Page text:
Marcus "Mark" Laurence Elwin Oliphant was born on 8 October 1901 in Kent Town, a suburb of Adelaide. His father was Harold George "Baron" Oliphant, a civil servant with the South Australian Engineering and Water Supply Department and part-time lecturer in Economics with the Workers' Educational Association. His mother was Beatrice Edith Fanny Oliphant, née Tucker, an artist. He was named after Marcus Clarke, the Australian author, and Laurence Oliphant, the British traveller and mystic. Most people called him Mark; this became official when he was knighted in 1959. He had four younger brothers, Roland, Keith, Nigel and Donald. His parents were theosophists, and as such were opposed to eating meat. Marcus became a lifelong vegetarian while a boy, after witnessing the slaughter of pigs on a farm. He was found to be completely deaf in one ear and he needed glasses for severe astigmatism and short-sightedness.
Oliphant was first educated at primary schools in Goodwood and Mylor, after the family moved there in 1910. He attended Unley High School in Adelaide, and, for his final year in 1918, Adelaide High School. After graduation he failed to obtain a bursary to attend university, so he took up a job cleaning floors for a jewellery manufacturer. He then secured a cadetship with the State Library of South Australia, which allowed him to take courses at the University of Adelaide at night.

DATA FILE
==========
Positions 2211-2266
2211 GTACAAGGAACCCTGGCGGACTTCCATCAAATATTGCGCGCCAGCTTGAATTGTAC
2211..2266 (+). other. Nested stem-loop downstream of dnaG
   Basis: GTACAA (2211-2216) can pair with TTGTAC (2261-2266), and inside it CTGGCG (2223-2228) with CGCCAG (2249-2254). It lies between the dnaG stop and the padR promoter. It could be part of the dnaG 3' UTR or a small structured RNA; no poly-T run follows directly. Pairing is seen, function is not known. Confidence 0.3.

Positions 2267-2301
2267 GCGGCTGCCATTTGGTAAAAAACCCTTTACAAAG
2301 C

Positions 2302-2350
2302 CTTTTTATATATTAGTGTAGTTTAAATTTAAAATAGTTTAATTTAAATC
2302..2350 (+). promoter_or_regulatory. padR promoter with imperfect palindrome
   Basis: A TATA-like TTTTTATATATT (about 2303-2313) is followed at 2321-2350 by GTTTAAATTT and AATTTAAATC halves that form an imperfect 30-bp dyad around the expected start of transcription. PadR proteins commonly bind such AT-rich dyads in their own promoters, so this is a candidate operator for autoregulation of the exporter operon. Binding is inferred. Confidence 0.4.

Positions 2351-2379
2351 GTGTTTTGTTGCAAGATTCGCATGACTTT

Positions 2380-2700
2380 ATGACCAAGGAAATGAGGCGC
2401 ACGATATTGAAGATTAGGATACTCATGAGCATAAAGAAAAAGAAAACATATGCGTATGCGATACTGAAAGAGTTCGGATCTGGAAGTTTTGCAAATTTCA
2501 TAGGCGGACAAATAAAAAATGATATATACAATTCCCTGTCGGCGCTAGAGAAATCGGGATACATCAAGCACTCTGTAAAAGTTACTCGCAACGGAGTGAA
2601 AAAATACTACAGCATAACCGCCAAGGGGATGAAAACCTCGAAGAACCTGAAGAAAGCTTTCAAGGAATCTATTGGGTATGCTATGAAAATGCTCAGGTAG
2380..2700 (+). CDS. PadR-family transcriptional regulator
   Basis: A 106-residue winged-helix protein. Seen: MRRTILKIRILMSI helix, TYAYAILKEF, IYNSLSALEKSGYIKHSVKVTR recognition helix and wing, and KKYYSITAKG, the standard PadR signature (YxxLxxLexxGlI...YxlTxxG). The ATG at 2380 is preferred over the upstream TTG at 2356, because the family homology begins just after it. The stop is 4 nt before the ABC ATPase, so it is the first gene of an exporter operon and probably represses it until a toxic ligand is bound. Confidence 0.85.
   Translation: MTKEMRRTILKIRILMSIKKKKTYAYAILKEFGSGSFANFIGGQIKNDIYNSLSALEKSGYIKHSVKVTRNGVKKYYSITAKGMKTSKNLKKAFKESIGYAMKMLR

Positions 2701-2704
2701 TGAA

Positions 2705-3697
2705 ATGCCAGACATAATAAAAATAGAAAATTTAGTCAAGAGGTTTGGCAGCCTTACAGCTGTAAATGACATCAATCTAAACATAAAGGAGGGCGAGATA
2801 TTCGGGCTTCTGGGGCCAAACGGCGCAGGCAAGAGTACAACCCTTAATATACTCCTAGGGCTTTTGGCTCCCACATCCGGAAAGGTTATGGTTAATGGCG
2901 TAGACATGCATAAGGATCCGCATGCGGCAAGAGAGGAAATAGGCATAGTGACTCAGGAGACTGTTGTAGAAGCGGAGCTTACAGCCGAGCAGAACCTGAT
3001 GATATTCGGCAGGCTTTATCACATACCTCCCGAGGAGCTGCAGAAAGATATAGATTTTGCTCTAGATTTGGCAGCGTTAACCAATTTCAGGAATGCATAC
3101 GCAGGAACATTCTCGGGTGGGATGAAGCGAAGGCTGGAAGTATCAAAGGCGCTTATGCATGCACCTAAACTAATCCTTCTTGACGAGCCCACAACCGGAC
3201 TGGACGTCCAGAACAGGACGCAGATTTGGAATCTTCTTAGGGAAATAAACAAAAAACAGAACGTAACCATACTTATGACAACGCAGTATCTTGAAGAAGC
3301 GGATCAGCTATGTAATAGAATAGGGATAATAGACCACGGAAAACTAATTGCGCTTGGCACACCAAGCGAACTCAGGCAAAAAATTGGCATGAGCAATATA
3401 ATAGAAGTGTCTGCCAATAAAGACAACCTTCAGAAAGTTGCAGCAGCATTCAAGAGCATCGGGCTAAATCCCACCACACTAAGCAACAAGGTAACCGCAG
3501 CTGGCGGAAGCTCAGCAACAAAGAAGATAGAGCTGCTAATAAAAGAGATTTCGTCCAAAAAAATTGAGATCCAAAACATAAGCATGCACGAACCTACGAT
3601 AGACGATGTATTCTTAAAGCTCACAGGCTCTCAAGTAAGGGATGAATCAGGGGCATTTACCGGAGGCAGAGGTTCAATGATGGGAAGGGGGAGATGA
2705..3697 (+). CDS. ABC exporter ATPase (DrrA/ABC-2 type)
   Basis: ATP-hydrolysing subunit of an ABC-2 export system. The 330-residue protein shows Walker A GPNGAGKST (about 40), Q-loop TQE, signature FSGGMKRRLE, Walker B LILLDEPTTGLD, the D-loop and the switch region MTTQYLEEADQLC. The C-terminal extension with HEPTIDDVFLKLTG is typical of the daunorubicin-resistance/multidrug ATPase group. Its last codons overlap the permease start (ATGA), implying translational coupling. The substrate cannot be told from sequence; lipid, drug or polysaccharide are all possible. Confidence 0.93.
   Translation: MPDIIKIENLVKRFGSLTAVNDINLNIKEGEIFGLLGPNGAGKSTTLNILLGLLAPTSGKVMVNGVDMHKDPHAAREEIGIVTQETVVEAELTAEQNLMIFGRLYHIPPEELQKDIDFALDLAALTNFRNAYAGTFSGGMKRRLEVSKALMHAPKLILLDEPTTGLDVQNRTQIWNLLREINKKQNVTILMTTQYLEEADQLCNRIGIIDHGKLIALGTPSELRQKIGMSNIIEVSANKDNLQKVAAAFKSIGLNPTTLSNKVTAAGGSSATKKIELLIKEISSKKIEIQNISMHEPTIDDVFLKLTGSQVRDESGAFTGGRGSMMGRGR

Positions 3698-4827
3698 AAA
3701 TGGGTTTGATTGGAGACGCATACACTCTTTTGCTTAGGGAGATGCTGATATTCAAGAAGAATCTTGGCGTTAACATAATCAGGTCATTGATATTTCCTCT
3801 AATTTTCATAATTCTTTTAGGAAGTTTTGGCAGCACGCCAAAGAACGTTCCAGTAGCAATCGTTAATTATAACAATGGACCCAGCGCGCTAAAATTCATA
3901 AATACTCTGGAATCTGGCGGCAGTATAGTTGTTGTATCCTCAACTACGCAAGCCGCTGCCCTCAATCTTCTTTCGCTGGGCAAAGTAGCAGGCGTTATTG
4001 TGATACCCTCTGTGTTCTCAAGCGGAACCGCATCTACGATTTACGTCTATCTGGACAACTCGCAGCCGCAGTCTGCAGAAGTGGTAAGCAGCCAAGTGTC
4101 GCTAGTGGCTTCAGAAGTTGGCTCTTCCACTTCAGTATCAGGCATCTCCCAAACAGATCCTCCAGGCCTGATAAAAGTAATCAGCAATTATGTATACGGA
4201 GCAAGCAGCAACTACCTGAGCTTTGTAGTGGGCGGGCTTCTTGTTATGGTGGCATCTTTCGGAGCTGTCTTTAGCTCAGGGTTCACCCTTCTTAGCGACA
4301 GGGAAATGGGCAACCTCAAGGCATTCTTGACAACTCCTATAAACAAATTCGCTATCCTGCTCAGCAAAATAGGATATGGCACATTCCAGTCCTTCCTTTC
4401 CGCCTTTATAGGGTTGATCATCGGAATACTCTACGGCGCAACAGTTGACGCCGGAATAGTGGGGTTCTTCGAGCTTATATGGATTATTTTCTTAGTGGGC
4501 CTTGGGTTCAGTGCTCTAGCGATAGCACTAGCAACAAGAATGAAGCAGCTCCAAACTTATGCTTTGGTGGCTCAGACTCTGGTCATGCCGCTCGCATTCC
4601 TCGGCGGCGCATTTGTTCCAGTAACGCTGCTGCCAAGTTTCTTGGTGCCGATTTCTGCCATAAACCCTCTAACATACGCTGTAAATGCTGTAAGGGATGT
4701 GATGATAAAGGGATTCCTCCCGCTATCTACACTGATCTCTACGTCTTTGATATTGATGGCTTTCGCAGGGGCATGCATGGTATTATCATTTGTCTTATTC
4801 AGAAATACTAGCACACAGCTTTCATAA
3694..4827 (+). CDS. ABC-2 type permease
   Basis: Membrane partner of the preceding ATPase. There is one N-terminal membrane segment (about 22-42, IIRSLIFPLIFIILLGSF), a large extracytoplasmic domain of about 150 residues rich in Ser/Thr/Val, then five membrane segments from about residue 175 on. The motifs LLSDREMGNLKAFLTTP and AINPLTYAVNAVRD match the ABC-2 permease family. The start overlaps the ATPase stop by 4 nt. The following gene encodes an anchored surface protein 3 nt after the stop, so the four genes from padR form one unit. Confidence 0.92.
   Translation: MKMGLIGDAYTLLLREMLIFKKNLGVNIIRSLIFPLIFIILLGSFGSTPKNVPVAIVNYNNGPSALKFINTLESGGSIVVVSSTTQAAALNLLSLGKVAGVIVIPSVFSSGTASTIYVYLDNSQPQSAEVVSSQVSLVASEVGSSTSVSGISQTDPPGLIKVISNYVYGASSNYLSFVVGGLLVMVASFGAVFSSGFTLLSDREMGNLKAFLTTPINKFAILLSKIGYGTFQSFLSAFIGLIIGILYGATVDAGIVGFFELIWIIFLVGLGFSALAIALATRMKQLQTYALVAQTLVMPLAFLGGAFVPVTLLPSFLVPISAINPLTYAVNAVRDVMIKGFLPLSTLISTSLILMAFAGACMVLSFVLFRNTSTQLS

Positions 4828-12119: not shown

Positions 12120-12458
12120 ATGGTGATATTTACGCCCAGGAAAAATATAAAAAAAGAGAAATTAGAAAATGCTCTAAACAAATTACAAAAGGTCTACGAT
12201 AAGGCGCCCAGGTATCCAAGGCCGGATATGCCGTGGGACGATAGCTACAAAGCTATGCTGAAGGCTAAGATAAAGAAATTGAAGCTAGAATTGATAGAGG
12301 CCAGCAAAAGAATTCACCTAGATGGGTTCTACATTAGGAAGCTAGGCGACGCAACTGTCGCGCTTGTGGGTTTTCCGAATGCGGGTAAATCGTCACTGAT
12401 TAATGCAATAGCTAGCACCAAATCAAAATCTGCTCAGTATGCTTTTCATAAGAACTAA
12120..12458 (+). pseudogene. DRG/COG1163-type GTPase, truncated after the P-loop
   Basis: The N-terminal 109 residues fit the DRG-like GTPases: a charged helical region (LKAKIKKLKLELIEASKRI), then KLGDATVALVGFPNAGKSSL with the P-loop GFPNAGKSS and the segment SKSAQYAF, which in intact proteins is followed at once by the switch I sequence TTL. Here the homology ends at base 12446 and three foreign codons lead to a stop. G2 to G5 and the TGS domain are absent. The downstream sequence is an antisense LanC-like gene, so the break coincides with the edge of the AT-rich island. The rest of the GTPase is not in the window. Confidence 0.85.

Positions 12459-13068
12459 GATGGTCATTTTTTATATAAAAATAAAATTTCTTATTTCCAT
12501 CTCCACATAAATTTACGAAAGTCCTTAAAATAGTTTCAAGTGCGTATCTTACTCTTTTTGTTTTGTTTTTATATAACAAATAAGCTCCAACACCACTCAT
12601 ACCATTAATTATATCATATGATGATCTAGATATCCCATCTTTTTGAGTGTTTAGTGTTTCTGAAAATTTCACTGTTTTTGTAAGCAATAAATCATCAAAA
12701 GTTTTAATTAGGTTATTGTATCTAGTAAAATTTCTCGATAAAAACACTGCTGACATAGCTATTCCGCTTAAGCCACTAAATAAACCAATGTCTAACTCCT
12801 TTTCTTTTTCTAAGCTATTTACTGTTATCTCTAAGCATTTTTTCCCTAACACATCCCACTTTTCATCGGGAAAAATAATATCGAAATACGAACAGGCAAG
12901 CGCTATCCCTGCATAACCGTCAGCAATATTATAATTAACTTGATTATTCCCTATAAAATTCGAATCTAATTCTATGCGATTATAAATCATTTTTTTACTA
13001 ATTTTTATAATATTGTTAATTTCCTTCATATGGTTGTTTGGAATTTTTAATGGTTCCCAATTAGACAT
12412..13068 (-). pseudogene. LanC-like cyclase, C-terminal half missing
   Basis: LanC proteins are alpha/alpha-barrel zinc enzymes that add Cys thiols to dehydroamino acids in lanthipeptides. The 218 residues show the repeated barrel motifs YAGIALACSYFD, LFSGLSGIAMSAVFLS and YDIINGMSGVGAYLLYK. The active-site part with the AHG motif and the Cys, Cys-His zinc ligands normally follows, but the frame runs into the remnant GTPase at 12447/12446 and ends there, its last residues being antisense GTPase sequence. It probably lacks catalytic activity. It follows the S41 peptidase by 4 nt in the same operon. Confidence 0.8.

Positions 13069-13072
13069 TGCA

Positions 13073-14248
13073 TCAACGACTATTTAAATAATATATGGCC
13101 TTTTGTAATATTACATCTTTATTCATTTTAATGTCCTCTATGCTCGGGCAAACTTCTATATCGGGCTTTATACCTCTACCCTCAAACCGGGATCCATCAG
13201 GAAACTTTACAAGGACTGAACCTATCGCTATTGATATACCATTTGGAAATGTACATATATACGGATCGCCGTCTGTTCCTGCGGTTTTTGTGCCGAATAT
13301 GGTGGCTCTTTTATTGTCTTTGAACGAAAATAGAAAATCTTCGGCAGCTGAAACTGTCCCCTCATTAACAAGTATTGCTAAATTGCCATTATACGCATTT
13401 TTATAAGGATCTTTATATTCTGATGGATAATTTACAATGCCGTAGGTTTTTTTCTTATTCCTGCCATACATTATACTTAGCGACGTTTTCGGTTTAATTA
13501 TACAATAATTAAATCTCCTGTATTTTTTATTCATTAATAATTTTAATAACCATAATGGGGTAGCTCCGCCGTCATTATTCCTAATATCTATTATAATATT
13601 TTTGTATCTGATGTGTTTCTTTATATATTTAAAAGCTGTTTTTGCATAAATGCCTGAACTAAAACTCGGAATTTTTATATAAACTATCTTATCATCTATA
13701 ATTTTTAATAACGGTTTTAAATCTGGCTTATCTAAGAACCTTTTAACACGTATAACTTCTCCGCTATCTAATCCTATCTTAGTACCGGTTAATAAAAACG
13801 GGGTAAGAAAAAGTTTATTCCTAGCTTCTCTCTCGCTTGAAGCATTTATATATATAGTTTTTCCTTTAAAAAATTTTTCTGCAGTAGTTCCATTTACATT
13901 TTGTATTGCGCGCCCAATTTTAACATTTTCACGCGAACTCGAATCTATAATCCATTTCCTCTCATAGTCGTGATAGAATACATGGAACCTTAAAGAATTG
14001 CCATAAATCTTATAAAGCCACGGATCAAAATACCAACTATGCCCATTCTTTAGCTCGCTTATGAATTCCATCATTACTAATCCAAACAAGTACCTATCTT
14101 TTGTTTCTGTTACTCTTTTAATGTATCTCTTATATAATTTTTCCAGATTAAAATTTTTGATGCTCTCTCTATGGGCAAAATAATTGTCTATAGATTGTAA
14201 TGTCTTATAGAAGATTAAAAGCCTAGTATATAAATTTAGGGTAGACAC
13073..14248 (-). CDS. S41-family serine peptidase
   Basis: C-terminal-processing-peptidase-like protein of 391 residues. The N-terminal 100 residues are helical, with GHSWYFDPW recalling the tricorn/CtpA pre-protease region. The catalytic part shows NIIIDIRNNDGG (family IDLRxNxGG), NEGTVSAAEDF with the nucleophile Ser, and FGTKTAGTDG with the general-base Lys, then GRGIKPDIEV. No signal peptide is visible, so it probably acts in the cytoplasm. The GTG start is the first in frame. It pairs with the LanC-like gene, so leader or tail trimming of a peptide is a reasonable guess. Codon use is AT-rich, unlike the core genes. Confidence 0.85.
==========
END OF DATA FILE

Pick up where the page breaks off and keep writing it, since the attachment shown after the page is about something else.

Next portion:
In 1919, Oliphant began studying at the University of Adelaide. At first he was interested in a career in medicine, but later in the year Kerr Grant, the physics professor, offered him a cadetship in the Physics Department. It paid 10 shillings a week (equivalent to AUD$34 in 2010), the same amount that Oliphant received for working at the State Library, but it allowed him to take any university course that did not conflict with his work for the department. He received his Bachelor of Science (BSc) degree in 1921 and then did honours the following year, supervised by Grant. Roy Burdon, who acted as head of the department when Grant went on sabbatical in 1925, worked with Oliphant to produce two papers in 1927 on the properties of mercury, "The Problem of the Surface Tension of Mercury and the Action of Aqueous Solutions on a Mercury Surface" and "Absorption of Gases on the Surface of Mercury". Oliphant later recalled that Burdon taught him "the extraordinary exhilaration there was in even minor discoveries in the field of physics".
Oliphant married Rosa Louise Wilbraham, who was also from Adelaide, on 23 May 1925. The two had known each other since they were teenagers. He made Rosa's wedding ring in the laboratory from a gold nugget (from the Coolgardie Goldfields) that his father had given him.